Suddenly I didn’t know how to open my mouth. But I had to let her know what I was thinking about divorce. I raised the topic calmly. She didn’t seem to be annoyed by my words, instead she asked me softly, why?
(pix: 123RF)
I avoided her question. This made her angry. She threw away the chopsticks and shouted at me, you are not a man! That night, we didn’t talk to each other. She was weeping. I knew she wanted to find out what had happened to our marriage. But I could hardly give her a satisfactory answer; she had lost my heart to Jane. I didn’t love her anymore. I just pitied her!
With a deep sense of guilt, I drafted a divorce agreement which stated that she could own our house, our car, and 30% stake of my company. She glanced at it and then tore it into pieces. The woman who had spent ten years of her life with me had become a stranger. I felt sorry for her wasted time, resources and energy but I could not take back what I had said for I loved Jane so dearly. Finally she cried loudly in front of me, which was what I had expected to see. To me her cry was actually a kind of release. The idea of divorce which had obsessed me for several weeks seemed to be firmer and clearer now.
The next day, I came back home very late and found her writing something at the table. I didn’t have supper but went straight to sleep and fell asleep very fast because I was tired after an eventful day with Jane. When I woke up, she was still there at the table writing. I just did not care so I turned over and was asleep again.
In the morning she presented her divorce conditions: she didn’t want anything from me, but needed a month’s notice before the divorce. She requested that in that one month we both struggle to live as normal a life as possible. Her reasons were simple: our son had his exams in a month’s time and she didn’t want to disrupt him with our broken marriage.

Friday, March 17, 2017

Nigeria: Redirecting The Lost Giant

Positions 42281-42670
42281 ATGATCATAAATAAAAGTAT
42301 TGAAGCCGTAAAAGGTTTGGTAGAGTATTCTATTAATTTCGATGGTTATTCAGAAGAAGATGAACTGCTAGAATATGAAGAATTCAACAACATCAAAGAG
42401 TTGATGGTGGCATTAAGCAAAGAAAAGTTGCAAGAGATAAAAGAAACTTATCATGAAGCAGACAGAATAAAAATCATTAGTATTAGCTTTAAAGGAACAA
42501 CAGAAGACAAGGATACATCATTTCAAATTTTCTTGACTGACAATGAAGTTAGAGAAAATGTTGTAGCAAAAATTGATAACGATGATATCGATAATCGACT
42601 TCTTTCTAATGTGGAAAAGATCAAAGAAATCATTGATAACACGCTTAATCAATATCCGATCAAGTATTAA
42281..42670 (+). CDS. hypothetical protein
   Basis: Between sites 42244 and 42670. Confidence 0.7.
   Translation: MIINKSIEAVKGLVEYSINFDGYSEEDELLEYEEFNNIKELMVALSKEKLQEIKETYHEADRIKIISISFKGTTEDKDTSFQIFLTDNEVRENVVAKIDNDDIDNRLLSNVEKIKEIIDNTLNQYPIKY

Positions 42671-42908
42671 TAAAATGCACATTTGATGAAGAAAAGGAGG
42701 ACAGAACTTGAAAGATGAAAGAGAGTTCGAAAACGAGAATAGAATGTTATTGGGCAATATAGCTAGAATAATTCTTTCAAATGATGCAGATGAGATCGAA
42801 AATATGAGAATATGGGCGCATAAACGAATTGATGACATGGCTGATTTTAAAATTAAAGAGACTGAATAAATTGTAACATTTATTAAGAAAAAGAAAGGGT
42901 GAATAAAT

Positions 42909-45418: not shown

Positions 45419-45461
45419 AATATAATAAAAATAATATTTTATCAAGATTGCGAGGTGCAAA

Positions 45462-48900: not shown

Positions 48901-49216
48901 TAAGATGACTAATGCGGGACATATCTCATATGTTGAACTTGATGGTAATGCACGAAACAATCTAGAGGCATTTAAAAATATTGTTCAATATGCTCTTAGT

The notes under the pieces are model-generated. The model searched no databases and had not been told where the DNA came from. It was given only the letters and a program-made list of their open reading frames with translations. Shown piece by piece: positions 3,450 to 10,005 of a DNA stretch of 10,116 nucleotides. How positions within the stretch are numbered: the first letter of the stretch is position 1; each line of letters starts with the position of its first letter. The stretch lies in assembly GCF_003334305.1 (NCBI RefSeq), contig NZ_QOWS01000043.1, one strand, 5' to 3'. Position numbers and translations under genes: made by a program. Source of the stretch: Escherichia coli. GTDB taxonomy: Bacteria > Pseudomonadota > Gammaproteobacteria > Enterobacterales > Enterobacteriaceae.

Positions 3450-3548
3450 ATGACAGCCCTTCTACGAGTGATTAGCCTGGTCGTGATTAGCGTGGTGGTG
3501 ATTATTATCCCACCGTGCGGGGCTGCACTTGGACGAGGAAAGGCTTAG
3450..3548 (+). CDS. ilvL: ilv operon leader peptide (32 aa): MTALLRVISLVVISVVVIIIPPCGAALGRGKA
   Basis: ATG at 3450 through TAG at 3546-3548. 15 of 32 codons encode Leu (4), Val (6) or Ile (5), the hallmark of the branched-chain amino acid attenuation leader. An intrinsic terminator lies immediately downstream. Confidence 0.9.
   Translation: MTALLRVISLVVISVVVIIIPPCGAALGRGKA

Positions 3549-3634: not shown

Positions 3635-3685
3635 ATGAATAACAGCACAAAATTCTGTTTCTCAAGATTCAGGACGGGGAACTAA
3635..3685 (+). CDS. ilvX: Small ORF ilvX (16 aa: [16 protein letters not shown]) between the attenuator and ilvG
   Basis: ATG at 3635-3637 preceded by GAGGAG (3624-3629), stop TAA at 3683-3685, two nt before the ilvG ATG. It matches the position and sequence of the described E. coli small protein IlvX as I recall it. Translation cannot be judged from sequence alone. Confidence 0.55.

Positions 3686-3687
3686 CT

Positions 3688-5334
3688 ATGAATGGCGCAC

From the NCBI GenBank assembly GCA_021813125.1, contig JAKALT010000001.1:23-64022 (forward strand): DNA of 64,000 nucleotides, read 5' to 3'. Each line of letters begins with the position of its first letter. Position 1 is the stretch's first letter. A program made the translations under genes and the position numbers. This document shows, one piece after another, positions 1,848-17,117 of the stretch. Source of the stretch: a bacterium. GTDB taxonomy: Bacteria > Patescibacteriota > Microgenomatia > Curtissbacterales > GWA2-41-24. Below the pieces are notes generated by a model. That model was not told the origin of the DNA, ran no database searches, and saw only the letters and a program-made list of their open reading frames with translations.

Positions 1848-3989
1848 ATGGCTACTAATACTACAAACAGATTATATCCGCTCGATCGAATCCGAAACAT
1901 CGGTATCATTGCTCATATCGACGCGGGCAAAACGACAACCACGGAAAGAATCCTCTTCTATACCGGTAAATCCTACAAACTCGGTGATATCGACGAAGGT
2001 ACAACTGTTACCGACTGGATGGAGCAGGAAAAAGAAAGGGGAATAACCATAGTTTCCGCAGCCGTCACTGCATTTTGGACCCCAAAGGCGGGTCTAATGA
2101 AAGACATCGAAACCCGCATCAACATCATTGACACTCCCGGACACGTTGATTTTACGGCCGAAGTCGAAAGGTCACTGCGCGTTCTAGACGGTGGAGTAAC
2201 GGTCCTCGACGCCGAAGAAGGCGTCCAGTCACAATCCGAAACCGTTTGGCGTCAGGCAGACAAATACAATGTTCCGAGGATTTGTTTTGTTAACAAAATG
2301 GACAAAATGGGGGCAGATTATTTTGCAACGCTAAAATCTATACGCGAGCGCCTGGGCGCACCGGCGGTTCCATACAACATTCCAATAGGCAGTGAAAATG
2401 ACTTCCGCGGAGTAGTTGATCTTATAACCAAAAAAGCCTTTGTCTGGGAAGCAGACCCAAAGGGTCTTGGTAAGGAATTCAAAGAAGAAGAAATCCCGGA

By Fashogbon Moyinoluwa
“When we innovate, we create millions of jobs, we build the companies that lead the world, we are healthier, and we make our lives more productive”, this was written by Bill Gates on accelerating innovation with leadership. Moving Nigeria to the status of a First World nation is a challenge any willing leader should love to take on. Blessed with natural resources and a large population, Nigeria has the potential to compete with other nations of the world in any sector, but we need first to put our home in order by diversifying our economy, and restructuring our institutions to cover up the loopholes that allow for corruption.

To move Nigeria from being a third world country to a first world nation, a leader should in no particular order, invest in education, increase the manufacturing capacity of the nation, remove the hurdles facing entrepreneurs, provide basic infrastructure that propel a nation’s growth, be dedicated to providing statistics and information, promote mining and agriculture, make the environment tourist-friendly, promote the numerous traditions we have in Nigeria and most importantly, invest in and support innovation.
Every sector in present day Nigeria has decayed and the most delicate of all, which is the education sector has suffered the most. Investing in education should be top priority in moving Nigeria to the status of a first world nation. Taking a cue from first world nations like Luxembourg, Singapore, and Switzerland which have 59.6%, 54.7% and 51.3% respectively of people in high-skilled employment, according to the Human Capital Index 2015.
A leader should educate the population to the extent of attaining at least 99% literacy rate and 80% of high-skilled citizens. This can be done by revamping the educational system of the country. Firstly, all the syllabuses in Nigerian schools should be reviewed, especially in the universities, in such a way that they should meet up with the current international standards and subsequently set the standards for syllabuses around the world. Also by improving the researching capacity of our universities and making them more practical oriented than they currently are. Then go ahead to remove the numerous hurdles students face while trying to get into the universities by creating a system whereby students can apply to as many universities as they wish in other to give them more options and reduce the number of high school graduates lurking the streets. An educated population can propel innovation and turn out good leaders, and this combination is what is needed to move Nigeria to the status of a first world country. Innovation makes a country competitive in the global market. 

The Tragedy Of A Presidential Illness

By Dan Agbese